Alan Greenspan is still making news a week after he criticized President Bush and Republicans for lacking fiscal restraint and said the war in Iraq was about oil.
Appearing yesterday on NBC’s “Meet the Press,” the former Federal Reserve chairman said Bill Clinton and Richard Nixon were the smartest presidents he worked for and said Mr. Clinton was the best “Republican” president of recent memory.
“It’s a tossup between Bill Clinton and Richard Nixon. They were both extraordinarily intelligent,” Mr. Greenspan said. “The one thing, however, that Clinton did which I just found awesome was, he went before the Congress in his State of the Union message and somebody put the wrong speech in the TelePrompTer, and I don’t know anybody who knew the difference. And I’m telling you, that requires a degree of intellectual capabilities which is awesome.”
When asked why Mr. Clinton was a good “Republican” president, Mr. Greenspan said he often found himself agreeing with the Arkansas Democrat’s fiscal policies, writes reporter Eric Pfeiffer of The Washington Times.
“I’m sure he doesn’t like that joke, but if you look at his record compared to what I think appropriate policy ought to be, he’s for free trade, he’s for globalization, he was for welfare reform, fiscal restraint and true enough, he’s not a Republican,” Mr. Greenspan said.
Mr. Nixon, on the other hand, drew a dual distinction from Mr. Greenspan, who said he was “by multiple quantities” the “most profane” president he’d worked for.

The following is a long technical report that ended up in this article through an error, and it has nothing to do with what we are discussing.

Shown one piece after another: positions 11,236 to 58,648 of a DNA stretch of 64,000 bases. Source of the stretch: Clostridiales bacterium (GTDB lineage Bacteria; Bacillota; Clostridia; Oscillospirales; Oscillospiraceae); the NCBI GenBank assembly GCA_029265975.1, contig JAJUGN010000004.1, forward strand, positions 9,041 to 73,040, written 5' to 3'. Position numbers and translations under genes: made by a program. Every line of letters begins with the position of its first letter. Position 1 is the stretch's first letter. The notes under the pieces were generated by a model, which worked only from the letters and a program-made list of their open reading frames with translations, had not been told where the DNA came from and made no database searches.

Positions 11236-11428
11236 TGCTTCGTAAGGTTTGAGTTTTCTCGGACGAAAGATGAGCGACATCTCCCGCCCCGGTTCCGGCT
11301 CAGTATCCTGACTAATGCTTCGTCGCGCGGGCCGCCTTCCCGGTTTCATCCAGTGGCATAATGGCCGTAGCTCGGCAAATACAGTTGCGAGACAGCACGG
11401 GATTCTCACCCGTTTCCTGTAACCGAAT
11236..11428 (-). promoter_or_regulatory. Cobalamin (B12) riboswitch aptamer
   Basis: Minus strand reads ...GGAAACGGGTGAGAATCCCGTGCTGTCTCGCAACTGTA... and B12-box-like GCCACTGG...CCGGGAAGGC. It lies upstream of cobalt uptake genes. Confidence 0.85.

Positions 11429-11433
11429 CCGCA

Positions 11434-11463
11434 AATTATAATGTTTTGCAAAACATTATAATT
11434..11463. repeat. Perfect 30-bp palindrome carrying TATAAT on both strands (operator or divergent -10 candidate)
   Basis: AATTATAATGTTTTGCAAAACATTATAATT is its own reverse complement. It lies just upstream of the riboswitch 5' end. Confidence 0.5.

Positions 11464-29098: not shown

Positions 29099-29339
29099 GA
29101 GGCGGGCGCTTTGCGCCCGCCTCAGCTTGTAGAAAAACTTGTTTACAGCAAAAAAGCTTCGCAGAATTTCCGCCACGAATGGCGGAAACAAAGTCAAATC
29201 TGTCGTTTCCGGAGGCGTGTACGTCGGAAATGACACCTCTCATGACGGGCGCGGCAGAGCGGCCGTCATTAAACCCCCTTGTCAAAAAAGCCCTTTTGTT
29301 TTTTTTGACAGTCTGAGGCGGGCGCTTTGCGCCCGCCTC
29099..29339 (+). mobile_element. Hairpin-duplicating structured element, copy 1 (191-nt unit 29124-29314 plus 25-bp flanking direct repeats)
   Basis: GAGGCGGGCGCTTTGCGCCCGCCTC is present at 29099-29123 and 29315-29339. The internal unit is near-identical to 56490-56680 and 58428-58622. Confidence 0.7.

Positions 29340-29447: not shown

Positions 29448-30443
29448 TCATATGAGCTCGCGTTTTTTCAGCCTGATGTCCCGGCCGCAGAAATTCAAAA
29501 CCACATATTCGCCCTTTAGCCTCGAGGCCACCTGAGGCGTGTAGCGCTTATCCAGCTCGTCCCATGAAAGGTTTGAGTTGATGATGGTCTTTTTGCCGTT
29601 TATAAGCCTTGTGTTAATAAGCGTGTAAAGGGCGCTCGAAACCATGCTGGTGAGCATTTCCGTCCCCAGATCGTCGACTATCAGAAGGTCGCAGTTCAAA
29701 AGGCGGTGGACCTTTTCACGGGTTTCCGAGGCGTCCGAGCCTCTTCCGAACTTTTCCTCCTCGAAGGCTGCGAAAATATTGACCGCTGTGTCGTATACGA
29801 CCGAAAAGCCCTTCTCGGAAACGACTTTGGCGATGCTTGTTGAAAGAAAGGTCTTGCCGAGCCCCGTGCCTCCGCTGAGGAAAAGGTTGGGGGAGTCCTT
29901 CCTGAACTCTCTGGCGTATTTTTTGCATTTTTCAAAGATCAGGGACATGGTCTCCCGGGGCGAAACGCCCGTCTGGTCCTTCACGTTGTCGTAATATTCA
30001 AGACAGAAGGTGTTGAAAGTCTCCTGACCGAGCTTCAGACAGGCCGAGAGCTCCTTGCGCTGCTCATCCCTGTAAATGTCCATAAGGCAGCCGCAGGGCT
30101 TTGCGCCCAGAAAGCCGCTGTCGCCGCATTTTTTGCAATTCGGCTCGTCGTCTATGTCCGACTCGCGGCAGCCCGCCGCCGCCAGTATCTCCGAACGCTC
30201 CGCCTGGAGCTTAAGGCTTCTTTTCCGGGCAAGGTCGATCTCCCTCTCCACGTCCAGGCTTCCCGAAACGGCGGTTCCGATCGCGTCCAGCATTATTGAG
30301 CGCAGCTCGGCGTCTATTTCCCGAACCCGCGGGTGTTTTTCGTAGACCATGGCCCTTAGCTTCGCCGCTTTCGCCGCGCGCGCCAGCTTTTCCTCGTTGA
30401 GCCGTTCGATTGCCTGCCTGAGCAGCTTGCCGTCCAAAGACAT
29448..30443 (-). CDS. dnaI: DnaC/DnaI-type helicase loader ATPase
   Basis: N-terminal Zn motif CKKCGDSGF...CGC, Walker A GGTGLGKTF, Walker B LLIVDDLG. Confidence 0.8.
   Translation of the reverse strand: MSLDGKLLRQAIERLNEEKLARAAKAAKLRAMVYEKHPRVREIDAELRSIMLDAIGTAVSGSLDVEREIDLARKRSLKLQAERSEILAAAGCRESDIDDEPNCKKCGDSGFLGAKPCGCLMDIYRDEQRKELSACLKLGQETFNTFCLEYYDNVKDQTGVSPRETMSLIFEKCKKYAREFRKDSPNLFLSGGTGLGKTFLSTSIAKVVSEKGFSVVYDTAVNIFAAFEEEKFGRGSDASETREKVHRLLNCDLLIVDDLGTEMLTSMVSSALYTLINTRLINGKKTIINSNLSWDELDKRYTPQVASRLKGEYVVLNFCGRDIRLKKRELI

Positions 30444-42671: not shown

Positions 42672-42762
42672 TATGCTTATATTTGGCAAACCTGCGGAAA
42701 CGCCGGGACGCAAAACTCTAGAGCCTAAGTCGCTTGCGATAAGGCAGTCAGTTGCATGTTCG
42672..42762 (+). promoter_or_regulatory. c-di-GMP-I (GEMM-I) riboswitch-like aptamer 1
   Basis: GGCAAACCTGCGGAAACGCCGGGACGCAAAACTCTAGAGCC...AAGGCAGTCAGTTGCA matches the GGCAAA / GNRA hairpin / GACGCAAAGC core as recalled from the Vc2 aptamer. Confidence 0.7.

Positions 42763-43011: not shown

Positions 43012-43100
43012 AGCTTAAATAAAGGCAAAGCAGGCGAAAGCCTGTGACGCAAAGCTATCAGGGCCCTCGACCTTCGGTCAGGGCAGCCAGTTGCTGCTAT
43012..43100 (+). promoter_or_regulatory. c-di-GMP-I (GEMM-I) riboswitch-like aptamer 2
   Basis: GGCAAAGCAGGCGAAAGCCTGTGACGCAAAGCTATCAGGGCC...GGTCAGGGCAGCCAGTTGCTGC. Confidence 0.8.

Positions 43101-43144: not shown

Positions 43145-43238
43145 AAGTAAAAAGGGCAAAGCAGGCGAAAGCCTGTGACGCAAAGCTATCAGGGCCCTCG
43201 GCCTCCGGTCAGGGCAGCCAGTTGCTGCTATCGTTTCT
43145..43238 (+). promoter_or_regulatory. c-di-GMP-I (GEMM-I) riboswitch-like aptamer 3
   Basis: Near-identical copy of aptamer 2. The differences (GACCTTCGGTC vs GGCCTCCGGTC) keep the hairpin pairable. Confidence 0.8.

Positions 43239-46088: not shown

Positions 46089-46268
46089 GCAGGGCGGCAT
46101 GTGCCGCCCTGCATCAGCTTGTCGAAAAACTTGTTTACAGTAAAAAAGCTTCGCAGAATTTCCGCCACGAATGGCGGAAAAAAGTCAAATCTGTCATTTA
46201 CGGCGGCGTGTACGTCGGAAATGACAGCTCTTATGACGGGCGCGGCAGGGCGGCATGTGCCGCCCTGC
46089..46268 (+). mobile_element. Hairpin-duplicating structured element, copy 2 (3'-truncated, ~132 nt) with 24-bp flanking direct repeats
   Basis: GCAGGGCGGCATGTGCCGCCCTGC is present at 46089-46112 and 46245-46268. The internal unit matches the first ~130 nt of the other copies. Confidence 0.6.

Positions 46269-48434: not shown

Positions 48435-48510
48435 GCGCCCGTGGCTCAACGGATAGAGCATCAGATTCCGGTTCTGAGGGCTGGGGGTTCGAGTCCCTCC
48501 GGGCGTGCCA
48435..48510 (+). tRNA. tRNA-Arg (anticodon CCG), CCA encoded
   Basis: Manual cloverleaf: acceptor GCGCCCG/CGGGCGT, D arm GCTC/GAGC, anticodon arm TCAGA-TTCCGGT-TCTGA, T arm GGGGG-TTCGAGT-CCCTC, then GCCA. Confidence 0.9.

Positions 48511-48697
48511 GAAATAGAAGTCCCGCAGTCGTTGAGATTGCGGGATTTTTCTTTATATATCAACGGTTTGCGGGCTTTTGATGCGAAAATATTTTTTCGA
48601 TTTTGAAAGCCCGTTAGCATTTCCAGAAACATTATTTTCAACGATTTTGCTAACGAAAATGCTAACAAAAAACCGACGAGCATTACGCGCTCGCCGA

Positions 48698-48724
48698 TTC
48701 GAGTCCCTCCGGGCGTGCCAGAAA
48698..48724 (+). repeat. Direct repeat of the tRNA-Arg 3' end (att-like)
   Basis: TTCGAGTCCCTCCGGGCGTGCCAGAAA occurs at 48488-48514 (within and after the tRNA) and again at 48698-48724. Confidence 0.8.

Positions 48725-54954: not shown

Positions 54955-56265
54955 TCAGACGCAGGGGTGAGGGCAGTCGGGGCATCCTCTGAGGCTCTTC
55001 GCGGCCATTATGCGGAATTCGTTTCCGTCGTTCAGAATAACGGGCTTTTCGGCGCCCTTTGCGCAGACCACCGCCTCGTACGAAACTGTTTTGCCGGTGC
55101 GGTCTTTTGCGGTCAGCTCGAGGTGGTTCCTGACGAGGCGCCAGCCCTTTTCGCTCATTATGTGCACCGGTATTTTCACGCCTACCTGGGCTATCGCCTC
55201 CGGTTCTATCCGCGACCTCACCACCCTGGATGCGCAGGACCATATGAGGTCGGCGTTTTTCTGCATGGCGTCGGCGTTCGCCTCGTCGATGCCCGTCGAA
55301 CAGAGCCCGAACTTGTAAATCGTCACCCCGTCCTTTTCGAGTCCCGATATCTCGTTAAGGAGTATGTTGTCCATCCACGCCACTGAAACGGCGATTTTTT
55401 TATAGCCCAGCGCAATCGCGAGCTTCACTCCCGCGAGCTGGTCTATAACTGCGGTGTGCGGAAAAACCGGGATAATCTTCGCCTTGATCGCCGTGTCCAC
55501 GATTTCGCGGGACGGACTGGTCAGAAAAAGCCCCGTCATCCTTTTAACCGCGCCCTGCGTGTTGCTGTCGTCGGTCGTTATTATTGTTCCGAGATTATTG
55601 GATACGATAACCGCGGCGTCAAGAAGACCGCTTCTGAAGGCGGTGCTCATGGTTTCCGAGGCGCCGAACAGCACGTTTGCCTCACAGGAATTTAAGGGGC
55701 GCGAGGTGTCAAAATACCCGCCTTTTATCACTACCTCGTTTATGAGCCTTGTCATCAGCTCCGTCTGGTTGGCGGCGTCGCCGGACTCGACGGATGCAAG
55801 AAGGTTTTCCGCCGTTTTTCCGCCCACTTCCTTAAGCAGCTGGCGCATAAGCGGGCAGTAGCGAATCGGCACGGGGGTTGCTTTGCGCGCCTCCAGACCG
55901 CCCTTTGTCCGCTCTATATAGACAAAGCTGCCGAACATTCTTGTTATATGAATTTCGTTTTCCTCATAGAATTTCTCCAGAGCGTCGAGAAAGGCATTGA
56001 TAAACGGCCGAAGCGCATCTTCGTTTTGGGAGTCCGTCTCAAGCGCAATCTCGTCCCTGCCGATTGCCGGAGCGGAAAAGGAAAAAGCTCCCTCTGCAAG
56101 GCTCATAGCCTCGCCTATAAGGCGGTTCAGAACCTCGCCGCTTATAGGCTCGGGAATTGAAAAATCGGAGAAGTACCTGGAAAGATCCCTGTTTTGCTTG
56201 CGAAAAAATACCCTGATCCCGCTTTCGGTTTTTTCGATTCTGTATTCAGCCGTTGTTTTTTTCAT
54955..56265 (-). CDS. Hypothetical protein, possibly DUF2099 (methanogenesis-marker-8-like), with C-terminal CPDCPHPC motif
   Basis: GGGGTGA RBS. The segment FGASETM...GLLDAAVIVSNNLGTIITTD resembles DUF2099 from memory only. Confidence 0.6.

Mr. Greenspan said Gerald Ford was the most “normal” president he’d met, while George H.W. Bush “put the most political pressure” on him. He also declined an opportunity to further criticize the current President Bush on fiscal matters by flatly stating that every president he’s worked with was “fairly knowledgeable” on economic matters.
A big moment
“Congress will soon ship the White House a bill that throws huge amounts of new dollars at the government’s health-insurance program for children. President Bush will veto it. What happens next will demonstrate whether the beleaguered Mr. Bush has any hope of getting his party to toe the fiscal line in upcoming spending battles, and by consequence whether Republicans have any hope of restoring their fiscal credibility with voters,” Wall Street Journal columnist Kimberley A. Strassel writes.
“It’s a big moment, all the more so because the battle over the State Children’s Health Insurance Program, or SCHIP, is a perfect first example of how Democrats intend to play their spending fights this fall. They’re demanding at least $30 billion more than Mr. Bush’s own generous $5 billion SCHIP increase. Any congressional Republican who votes against this hike will be accused of leaving ‘poor kids’ to suffer without health care. The goal here, as it will be in all the big money fights to come — appropriations bills, a farm bill — will be to make it too politically hot for Republicans to stand by their spending principle,” the writer said.